Q: How can I protect my farm business from financial risks?
A. Farming is a risky business, but there are a few things you can do to protect your operation.
Start with a business plan. A good business plan includes plans to market grain well ahead of actual grain movement to mitigate price risk and plan for management of cash flow throughout the year based on timing of inventory sales and payment due dates. Incorporate the purchase of crop insurance and take advantage of programs such as cash advances and AgriStability. Having cash flow is key. It’s important to have a rainy-day fund or inventory for years when various elements impact yields and/or quality. Plan for the worst and revisit the plan throughout the year to adjust if needed.
Understand the size of your operation and the threshold of financing that can be supported. Too big, too fast impacts many operations, particularly when there are poor years. Ensure the size of your operation justifies the amount and size of equipment. Build equity year over year, don’t overfinance. Live within the means of your operation.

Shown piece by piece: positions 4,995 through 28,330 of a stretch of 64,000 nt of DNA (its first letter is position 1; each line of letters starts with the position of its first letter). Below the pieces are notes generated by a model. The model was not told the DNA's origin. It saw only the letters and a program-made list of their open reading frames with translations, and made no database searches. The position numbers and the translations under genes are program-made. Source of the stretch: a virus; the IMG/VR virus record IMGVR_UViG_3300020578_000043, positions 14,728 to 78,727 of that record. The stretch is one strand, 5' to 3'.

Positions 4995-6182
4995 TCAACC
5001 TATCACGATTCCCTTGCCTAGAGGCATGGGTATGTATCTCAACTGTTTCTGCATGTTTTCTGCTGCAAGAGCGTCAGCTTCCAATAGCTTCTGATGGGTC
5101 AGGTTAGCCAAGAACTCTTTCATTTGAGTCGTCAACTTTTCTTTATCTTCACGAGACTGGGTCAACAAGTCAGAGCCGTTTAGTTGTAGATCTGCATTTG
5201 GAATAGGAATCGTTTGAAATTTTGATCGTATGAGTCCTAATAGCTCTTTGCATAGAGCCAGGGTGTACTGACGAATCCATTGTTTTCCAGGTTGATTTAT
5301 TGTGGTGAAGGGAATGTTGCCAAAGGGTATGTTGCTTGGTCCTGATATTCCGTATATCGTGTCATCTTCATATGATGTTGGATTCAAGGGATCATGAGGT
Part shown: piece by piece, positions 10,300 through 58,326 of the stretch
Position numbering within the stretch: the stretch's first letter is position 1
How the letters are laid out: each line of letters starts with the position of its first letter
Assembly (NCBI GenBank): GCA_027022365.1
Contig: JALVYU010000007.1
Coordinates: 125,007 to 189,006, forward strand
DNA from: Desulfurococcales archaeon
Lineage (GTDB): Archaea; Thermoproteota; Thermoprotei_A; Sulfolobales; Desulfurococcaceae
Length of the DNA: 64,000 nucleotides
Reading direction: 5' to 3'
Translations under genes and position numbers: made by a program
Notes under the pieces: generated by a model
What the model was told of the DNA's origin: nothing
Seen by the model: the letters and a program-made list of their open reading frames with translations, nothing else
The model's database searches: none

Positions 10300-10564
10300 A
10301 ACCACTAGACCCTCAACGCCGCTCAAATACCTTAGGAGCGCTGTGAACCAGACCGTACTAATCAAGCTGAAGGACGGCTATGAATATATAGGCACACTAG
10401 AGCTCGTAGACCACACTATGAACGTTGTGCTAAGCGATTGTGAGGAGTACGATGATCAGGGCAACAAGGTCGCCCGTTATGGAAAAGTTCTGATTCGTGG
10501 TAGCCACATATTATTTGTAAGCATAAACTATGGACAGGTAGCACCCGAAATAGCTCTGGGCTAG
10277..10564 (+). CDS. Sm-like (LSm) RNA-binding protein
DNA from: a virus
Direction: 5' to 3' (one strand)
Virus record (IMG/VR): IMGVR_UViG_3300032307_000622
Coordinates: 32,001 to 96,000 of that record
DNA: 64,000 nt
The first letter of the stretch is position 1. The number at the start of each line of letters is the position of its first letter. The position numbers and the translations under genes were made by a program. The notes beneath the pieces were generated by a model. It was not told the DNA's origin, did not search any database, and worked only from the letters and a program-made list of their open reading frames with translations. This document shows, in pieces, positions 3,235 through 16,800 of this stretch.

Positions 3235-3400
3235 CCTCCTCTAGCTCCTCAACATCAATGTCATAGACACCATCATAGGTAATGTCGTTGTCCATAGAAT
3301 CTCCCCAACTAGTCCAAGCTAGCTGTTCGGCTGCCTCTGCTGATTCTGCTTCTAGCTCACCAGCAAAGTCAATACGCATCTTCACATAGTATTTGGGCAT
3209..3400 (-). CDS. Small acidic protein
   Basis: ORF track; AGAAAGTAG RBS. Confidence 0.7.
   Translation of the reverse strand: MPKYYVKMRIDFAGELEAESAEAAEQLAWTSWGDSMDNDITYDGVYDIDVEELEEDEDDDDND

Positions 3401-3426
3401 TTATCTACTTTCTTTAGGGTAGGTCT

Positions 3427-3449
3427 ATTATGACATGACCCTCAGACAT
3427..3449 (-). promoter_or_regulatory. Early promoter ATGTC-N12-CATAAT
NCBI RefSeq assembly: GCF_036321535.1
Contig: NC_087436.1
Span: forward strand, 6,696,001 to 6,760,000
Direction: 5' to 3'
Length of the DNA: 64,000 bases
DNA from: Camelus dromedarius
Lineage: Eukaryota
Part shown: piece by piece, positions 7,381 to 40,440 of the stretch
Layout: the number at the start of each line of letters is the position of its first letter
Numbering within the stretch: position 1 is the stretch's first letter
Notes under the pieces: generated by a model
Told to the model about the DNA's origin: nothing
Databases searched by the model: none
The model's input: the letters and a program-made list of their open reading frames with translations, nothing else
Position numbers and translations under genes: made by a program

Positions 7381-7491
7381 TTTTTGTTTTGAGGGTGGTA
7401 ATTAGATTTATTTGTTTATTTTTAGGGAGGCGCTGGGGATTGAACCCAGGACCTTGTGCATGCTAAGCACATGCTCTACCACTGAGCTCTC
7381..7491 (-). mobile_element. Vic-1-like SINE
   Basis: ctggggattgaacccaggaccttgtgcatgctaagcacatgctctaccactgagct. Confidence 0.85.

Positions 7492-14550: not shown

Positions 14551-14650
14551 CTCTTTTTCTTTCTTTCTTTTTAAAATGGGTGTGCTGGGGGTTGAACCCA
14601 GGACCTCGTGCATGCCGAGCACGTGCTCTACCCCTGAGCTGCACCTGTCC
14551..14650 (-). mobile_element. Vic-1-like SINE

Finally, seek professional advice. Know your strengths and use professionals who are experts in their fields to enhance your business’s success. Have a good accountant and lawyer provide advice on a suitable business structure, tax planning and succession planning for your operation. Work closely and communicate openly with your primary financial institution to obtain best rates and financing options. Be open to refinancing options with your primary financial institution or other agricultural financing providers in lean years. Understand the financing options available from your inputs providers to obtain the best available rates and work to pay accounts on time or early where there is financial incentive to do so
Tracy Snell is a credit analyst with Nutrien Ag Solutions in Regina, Sask.